3 Rabies Vaccination Clinics in September; Last Opportunities in 2017 to Have Your Pets Vaccinated for Free!

Modified: August 22, 2017 2:14pm

08/23/2017

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PRESS RELEASE

From the Office of the Commissioner of Health, Dr. Gale R. Burstein

Date August 23, 2017    

CONTACT: Mary C. St. Mary/Mary.StMary@Erie.Gov

Phone: 716.858.4941/ Mobile: 716.253.3925

3 Rabies Vaccination Clinics in September

Last Opportunities in 2017 to Have Your Pets Vaccinated for Free

ERIE COUNTY, NY—The Vector Control and Rabies Prevention team from the Erie County Department of Health’s (ECDOH) Division of Environmental Health is hosting three rabies vaccination clinics in September. These are the last free clinics until January 2018.

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“In approximately three hours’ time, several hundred (dogs, cats and ferrets) will receive vaccinations that will protect them from the fatal threat of rabies. This is an extremely valuable service offered to our community,” stated Dr. Gale Burstein, Erie County Commissioner of Health.  “In addition, year-round we continue to educate Erie County residents on the very real risks of encountering rabies through exposure to wildlife that that has been exposed to the rabies virus, and the subsequent life-threatening consequences to both humans and pets. Cost should not be a factor to protect your pets and family from an extremely preventable risk.”

Erie County Department of Health: How to Protect Against Rabies

•Do not feed, touch or adopt wild animals, stray dogs or cats. Assume all wildlife & feral animals are rabid.

•Be sure your pet dogs, cats and ferrets and horses and valuable livestock animals are up-to-date on their rabies vaccinations. Vaccination protects pets if they are exposed to rabid animals. Pets too young to be vaccinated should be kept indoors and allowed outside only under direct observation.

•Keep family pets indoors at night. Do not leave them outside unattended or let them roam free.

•Do not attract wild animals to your home or yard. Keep your property free of stored bird seed or other foods that may attract wild animals. Feed pets indoors. Tightly cap or put away garbage cans. Board up any openings to your attic, basement, porch or garage. Cap your chimney with screens.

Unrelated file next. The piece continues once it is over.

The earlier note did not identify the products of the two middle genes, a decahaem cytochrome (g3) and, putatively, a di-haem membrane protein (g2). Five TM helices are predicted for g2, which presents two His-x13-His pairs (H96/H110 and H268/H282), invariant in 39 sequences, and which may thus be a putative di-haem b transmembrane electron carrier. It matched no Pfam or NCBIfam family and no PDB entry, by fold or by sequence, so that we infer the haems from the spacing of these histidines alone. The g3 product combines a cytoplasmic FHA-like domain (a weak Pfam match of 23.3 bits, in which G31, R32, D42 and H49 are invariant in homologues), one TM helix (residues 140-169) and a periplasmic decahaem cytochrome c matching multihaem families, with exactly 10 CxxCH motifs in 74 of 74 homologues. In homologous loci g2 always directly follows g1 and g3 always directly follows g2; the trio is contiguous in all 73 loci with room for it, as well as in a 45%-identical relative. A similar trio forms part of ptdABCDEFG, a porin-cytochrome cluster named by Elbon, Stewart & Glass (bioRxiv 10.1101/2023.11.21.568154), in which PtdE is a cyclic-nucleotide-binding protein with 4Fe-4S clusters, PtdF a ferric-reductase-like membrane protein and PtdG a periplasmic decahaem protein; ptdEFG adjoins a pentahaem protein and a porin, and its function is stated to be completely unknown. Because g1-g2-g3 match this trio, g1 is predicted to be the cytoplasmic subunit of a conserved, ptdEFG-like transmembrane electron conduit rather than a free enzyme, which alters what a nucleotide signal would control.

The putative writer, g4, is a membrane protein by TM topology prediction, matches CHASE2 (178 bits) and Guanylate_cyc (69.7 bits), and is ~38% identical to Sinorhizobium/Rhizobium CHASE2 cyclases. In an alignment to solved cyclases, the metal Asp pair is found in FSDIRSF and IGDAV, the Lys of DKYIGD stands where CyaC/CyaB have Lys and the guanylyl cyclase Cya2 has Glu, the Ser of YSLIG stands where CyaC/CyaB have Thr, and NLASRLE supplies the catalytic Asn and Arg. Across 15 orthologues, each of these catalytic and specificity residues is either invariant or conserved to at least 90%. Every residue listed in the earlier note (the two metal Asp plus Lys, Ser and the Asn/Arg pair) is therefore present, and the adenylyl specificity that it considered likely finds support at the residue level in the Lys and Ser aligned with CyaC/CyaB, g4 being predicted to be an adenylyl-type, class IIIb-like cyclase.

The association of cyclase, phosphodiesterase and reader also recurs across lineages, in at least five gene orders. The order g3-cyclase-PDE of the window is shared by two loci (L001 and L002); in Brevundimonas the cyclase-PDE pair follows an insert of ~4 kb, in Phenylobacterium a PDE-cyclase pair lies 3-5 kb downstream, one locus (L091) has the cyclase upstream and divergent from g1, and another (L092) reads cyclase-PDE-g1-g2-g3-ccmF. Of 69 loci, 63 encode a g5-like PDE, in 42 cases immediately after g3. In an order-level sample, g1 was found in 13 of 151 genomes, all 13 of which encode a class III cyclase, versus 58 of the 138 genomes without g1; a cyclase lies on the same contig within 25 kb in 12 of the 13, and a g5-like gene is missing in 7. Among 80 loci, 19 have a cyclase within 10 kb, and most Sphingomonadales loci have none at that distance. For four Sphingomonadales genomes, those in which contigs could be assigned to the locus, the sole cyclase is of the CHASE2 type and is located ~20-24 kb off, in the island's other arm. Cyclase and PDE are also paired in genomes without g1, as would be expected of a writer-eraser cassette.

•If nuisance wild animals are living in parts of your home, consult with a nuisance wildlife control expert about having them removed.

•Teach children not to touch any animal they do not know and to tell an adult immediately if they are bitten or scratched by any animal.

•If a wild animal is on your property, let it wander away. Bring children and pets indoors and alert neighbors who are outside.

Report all animal bites or contact with wild animals: 

ECDOH Vector Control, 716.961.6800 M-F Business Hours     716.961.7898 Evenings/Weekends

“We could not accomplish this without the valuable assistance of volunteers from the Niagara Frontier Veterinary Society veterinarians and Medaille College’s Veterinary Technology program’s veterinary technologists who safely and efficiently vaccinate pets--in what can be a stressful environment for the animals,” said Peter Tripi, Senior Public Health Sanitarian. “Our volunteers from the SPCA serving Erie County and the Specialized Medical Assistance Response Team (“SMART”) volunteers then efficiently complete the necessary documentation in short order.”

All clinics are from 4-7pm. Owners are requested to bring a record of the pet’s most recent rabies vaccination, if available. Pets should be non-aggressive to other animals, under the owner’s control, and on a tight leash or in a secure carrier. Additional information on the clinics can be obtained by calling (716) 961-6800.

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 For More Information:

Erie County Department of HealtNew York State Department of Health

New York State Department of Health—Rabies fact sheet

Centers for Disease Control and Prevention